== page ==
December 5th Summary

Juvenile Justice Information Exchange- Op-ed: Too Many Obstacles for Californians Looking to Seal Juvenile Records– References a survey of some interest.

The Marshall Project- Will Millennial Embrace Prison Reform? Two Harvard guys aim to find out.- Hey hear’s hoping something comes from this, it’s a very laudable goal.

The Marshall Project- The Misleading Math of ‘Recidivism’– Good read for a better understanding of the complexities of generating recidivism rates, and the role of parole violations in this. Even for those with a background in calculating or analyzing these rates, provides some background on the use of these rates in popular media, which could be of interest to note.

The Dissenter- UN Anti-Torture Watchdog Dismayed at US Failure to Provide Redress for Chicago Police Torture Survivors– I really don’t know enough about the accusations of torture in question to have a very useful opinion here, but! Interesting read nonetheless.


December 4th Summary

Gone for the holidays, my apologies. Keep in mind these are up to date as of the 4th, likely missed some things over the last week.

Michigan Live- Welfare drug testing pilot program approved by Michigan House– Really quite regrettable, any arguments mustered in opposition to welfare benefits to people who use drugs surely must concede that current data sources still mean this will be a decision that ultimately costs more money, potentially affecting services for using and sober clients alike.

Prison Policy Initiative- Tracking State Prison Growth in 50 States– There’s no short-edge of these graphs on the internet today, but I am especially fond of these as it shows variation between states, regions, rates of incarceration and totals (presumably steady state totals) as well as county jails, state and federal prisons. So, in many ways this is the most cogent visualization of growth of incarceration in the U.S, least that I have seen.

Prison Culture- Send White People to Jail: Protest in the Era of Black (Mass) Incarceration– Not sure I follow the entire article, worthy of a closer read no doubt.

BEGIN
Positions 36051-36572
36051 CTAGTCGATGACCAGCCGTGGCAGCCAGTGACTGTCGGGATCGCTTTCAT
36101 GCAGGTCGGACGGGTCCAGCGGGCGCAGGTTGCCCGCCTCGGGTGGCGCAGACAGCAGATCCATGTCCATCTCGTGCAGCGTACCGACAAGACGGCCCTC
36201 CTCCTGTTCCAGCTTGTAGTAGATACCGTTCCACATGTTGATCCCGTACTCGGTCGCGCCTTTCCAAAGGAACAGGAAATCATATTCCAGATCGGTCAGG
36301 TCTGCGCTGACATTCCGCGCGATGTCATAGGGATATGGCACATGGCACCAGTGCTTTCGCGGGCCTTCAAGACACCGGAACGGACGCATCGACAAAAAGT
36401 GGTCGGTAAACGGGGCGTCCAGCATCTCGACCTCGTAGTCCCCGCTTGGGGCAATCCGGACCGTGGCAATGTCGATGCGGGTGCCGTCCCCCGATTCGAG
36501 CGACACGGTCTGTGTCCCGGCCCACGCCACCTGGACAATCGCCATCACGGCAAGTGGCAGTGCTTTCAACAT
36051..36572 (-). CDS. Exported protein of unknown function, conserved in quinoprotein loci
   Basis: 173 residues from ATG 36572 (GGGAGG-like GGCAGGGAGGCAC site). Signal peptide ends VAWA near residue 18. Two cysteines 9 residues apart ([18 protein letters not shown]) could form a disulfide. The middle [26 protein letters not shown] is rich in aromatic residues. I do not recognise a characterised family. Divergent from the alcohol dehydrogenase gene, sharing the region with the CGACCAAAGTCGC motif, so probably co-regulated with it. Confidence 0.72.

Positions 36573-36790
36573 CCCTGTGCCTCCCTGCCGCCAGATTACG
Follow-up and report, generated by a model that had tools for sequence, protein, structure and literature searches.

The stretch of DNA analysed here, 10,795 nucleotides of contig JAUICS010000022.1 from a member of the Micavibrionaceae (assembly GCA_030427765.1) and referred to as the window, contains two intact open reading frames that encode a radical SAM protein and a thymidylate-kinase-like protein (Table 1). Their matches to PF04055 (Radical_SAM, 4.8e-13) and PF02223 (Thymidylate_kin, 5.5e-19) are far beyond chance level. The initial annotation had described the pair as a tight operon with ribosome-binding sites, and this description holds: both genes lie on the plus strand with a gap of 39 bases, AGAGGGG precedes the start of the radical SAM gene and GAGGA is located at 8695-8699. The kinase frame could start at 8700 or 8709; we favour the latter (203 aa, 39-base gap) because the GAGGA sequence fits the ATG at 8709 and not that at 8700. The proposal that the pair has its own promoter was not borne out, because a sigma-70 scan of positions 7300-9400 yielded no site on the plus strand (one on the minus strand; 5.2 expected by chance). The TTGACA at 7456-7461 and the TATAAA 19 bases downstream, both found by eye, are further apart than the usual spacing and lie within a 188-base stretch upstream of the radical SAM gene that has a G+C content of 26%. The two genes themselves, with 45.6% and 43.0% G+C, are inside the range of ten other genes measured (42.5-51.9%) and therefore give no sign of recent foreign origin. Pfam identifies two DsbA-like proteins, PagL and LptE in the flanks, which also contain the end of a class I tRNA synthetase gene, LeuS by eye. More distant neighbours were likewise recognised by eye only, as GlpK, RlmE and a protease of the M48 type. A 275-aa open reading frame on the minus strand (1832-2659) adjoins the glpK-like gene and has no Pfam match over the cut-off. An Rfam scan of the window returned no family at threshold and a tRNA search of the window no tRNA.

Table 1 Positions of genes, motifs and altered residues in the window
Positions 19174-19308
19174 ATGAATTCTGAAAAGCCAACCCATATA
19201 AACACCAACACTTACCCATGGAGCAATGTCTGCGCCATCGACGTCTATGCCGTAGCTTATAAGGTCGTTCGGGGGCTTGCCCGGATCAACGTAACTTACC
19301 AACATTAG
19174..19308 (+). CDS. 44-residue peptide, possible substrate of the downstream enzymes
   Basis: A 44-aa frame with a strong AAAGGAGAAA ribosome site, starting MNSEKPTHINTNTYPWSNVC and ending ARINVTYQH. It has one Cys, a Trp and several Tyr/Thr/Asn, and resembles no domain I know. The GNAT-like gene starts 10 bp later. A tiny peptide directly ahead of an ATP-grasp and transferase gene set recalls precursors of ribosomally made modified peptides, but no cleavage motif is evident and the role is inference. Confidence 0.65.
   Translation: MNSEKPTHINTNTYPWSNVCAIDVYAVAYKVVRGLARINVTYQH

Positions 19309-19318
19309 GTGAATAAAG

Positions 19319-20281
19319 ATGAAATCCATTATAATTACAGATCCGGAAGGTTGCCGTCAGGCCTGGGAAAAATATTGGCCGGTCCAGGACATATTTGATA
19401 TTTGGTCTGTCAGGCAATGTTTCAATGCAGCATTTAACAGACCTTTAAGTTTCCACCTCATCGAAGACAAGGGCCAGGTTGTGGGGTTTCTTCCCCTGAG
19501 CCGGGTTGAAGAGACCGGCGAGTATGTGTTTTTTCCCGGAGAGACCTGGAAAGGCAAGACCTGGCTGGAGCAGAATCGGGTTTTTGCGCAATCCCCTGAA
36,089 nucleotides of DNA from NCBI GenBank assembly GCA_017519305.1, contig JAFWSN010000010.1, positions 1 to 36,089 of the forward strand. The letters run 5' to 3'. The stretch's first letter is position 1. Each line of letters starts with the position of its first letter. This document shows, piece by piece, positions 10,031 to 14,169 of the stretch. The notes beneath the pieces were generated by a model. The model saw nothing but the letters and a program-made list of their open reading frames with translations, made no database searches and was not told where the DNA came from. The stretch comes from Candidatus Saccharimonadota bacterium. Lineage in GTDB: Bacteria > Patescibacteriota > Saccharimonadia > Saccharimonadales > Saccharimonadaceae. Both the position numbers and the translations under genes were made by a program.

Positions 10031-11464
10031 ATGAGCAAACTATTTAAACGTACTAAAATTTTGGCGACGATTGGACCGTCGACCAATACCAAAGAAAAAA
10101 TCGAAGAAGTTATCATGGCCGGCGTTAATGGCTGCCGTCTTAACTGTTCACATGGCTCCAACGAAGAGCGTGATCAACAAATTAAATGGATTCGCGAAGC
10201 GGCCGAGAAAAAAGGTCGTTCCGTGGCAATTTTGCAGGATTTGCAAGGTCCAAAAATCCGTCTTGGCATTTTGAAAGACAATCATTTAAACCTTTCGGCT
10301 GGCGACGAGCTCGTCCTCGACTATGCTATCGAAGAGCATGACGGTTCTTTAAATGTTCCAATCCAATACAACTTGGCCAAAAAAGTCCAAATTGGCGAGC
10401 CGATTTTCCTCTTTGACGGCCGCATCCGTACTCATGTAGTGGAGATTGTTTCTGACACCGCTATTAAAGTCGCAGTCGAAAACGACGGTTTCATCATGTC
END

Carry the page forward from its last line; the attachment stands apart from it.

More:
Talk Poverty- Mass Incarceration and the Health of Our Communities– It’s not uncommon to hear people arguing for a public health approach to substance abuse (and thus, often by implication drug crimes) and sometimes even to other crimes. This article offers some more tangible exploration of this idea, with opportunities under the ACA.

Portland Press Herald Op Ed- Criminal court judge: We don’t ‘mass incarcerate’ select groups– Despite the title, which to me seems to be clearly targeting critics of mass incarceration, specifically the abhorrently disproportional rate of incarceration among black men; the article actually vears off to most strongly criticize calls for eliminating life sentences for violent crimes, which a priori, the author is correct, would not make a huge dent in incarceration rates or totals. Still, not sure I agree with it, but once again an antithetical read is not a bad thing on principle.

Truthout- Justice Department Takes Steps to Reform Grant Program Incentives– Interesting, I’d like to hear more thoughts on this from inside DOJ workers. I’m no stranger to ambitious, laudable goals translated into¬† failed attempts at revising grant criteria.

November 25th Summary

PEW Charitable Trusts- States Project 3% Increase in Prisoners by 2018

Argus Leader- Justice Reform holds prison population steady in South Dakota

Quartz- It’s not Ferguson: US cops who kill are rarely indited– and the data are poorly managed

The Economist- Criminal Cities– The author at times uses the phrase “crime rate” vaguely, and I think interchangeably with violent crime rate, thought if not, than there is considerable room for error in their speculation of falling “crime” rates as possibly related to city to city immigration. Similarly, I’m not convinced that the poor economic climates of the cities they’ve mentioned, or perhaps the presence of better social programs among the comparisons, is not a better hypothesis for why violent crime has fallen in some cities but not others. Regardless, interesting to think about; more important to remember that there are harsh regional disparities in crime rates, violent or otherwise, and that declining national rates may be masking some of the most disparate locations.

November 24th Summary

Prison Policy Initiative- New opportunity to weigh in on FCC prison phone regulation– Open to January 5th!